Growing up, Feder was awed by her father, wondering just where she fit in his life. They rarely lived under the same roof, and didn't see each other for years at a time. But when together, he would call her "darling girl," draw sketches of them, guide her through a church in Rome, the Prado museum in Madrid, Spain, or, in England, bring her for a day in the country with Laurence Olivier, Vivien Leigh, Spencer Tracy and Katharine Hepburn.
"When he was with me he was always `delighted' to see me and he was very warm and loving. But, of course, times would pass when I didn't see him," she says.
"He was not an uncaring man. He was not a cold man at all. When you want to have a creative life, it's very difficult sometimes to also fit in a personal life. ... When my mother was divorcing my father, she was flying to Rio (Rio de Janeiro, Brazil) and she was stopped at the airport and asked by a reporter, `Why are you divorcing him?' She said, `Orson doesn't have time to be married.'"
Feder writes about her famous stepmother, Rita Hayworth, remembers her brief times on the sets of his movies and confirms a rumored liaison Welles had with actress Geraldine Fitzgerald that nearly ended Feder's life before it began.
Another Welles biographer, Joseph McBride, says that "In My Father's Shadow" offers the most detailed portrait ever of Welles' marriage to Nicolson, so marginalized that at least two Welles books spell her name "Nicholson." The two were fellow actors who met as teenagers, worked together in an early, unreleased Welles movie, "Hearts of Age" and eloped, in 1934, before either had turned 20.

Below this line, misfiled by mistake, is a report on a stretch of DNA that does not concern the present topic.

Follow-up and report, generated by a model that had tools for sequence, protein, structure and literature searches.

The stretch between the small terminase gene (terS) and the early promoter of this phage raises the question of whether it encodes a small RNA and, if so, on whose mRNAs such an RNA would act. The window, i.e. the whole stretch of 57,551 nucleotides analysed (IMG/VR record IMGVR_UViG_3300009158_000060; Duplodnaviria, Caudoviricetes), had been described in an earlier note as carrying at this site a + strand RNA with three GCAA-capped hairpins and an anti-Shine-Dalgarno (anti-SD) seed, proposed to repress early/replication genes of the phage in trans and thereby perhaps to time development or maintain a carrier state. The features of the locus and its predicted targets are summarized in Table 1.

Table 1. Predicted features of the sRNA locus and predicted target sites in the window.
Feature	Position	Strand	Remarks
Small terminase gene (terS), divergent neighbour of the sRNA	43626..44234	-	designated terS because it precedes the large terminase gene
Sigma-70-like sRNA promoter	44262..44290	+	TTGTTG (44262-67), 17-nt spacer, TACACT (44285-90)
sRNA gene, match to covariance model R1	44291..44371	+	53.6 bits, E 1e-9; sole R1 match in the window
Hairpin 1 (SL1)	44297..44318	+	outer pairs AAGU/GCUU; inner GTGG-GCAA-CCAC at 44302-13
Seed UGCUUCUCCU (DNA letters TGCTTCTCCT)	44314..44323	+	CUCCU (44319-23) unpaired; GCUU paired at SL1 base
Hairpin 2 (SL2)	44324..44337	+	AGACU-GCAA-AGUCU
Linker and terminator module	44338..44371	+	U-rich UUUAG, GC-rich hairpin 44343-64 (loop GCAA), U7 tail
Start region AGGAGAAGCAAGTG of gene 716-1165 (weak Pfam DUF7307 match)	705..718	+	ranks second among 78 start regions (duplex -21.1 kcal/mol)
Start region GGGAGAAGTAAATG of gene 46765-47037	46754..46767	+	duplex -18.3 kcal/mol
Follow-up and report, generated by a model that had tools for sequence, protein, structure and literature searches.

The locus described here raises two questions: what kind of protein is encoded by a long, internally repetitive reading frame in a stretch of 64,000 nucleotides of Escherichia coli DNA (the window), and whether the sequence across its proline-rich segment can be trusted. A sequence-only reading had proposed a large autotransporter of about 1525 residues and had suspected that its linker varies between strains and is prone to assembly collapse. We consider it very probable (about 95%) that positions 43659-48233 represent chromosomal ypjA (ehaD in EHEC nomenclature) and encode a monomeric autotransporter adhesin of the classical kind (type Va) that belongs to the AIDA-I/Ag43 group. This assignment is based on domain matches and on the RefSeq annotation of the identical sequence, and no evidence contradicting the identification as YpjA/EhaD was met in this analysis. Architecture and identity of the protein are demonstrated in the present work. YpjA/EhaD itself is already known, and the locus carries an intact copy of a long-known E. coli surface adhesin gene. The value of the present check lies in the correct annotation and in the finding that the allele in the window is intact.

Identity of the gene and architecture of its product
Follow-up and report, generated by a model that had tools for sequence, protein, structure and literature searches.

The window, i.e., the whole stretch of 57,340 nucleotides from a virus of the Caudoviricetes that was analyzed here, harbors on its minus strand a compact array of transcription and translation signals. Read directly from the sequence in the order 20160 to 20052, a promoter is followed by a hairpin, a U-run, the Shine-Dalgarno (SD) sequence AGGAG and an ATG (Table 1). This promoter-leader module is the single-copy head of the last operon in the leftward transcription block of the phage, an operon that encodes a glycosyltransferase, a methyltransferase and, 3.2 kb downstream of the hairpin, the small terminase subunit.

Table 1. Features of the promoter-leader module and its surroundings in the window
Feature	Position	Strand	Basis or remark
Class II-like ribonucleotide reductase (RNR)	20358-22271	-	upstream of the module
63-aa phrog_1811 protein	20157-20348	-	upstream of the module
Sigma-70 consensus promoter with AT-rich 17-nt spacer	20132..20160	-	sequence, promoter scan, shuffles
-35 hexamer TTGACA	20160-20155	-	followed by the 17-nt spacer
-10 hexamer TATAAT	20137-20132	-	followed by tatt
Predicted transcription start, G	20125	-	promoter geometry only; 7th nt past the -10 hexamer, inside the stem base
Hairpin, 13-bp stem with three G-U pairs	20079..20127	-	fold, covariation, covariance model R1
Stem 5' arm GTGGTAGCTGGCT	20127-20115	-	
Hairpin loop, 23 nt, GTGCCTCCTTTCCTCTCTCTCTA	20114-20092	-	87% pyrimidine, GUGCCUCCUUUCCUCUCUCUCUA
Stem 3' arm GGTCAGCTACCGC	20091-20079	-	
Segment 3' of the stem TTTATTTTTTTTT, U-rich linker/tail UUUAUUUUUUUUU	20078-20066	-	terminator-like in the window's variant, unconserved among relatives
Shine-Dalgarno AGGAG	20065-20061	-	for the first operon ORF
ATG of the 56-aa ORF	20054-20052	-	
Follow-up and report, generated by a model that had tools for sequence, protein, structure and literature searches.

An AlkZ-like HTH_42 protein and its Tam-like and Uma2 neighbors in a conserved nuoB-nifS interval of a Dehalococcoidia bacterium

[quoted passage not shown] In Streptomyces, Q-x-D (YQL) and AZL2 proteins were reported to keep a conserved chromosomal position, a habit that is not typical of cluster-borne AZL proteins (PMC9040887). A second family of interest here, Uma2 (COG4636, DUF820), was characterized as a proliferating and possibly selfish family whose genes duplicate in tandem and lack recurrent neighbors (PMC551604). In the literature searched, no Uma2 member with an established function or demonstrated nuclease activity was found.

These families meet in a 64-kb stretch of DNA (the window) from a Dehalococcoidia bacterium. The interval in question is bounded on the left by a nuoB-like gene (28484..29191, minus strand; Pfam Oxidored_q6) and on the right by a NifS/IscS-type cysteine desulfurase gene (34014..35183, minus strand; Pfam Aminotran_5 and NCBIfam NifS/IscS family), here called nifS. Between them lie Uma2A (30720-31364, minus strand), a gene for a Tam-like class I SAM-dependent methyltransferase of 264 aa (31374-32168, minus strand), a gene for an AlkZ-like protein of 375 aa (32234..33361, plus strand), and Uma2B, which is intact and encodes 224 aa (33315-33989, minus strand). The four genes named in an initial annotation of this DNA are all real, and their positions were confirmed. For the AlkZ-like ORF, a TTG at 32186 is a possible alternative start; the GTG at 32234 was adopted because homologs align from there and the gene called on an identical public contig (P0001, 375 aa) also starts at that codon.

The newlyweds shared a Manhattan apartment and began a marriage that turned troubled and nearly tragic. In 1937, Virginia became pregnant with Chris and she and Welles moved to a farmhouse outside the city. Welles was a rising star on radio and in the theater, and was working nonstop on a stage production of "Julius Caesar."
Welles worried enough about his pregnant wife to suggest she keep company with Fitzgerald, whom he would soon cast for the theater in "Heartbreak House." Fitzgerald, who later starred in such film classics as "Wuthering Heights" and "Dark Victory," was apparently closer to Welles than his wife realized. She discovered letters from the actress that revealed they were having an affair. As Virginia Welles explained years later to her daughter, she tried to throw herself out of a hotel window, but couldn't get it open.
"I was seeing my pregnant mother falling like a rag doll from an open window, then hitting the sidewalk, lying limp and still, both of us lost in a widening pool of blood," Feder writes.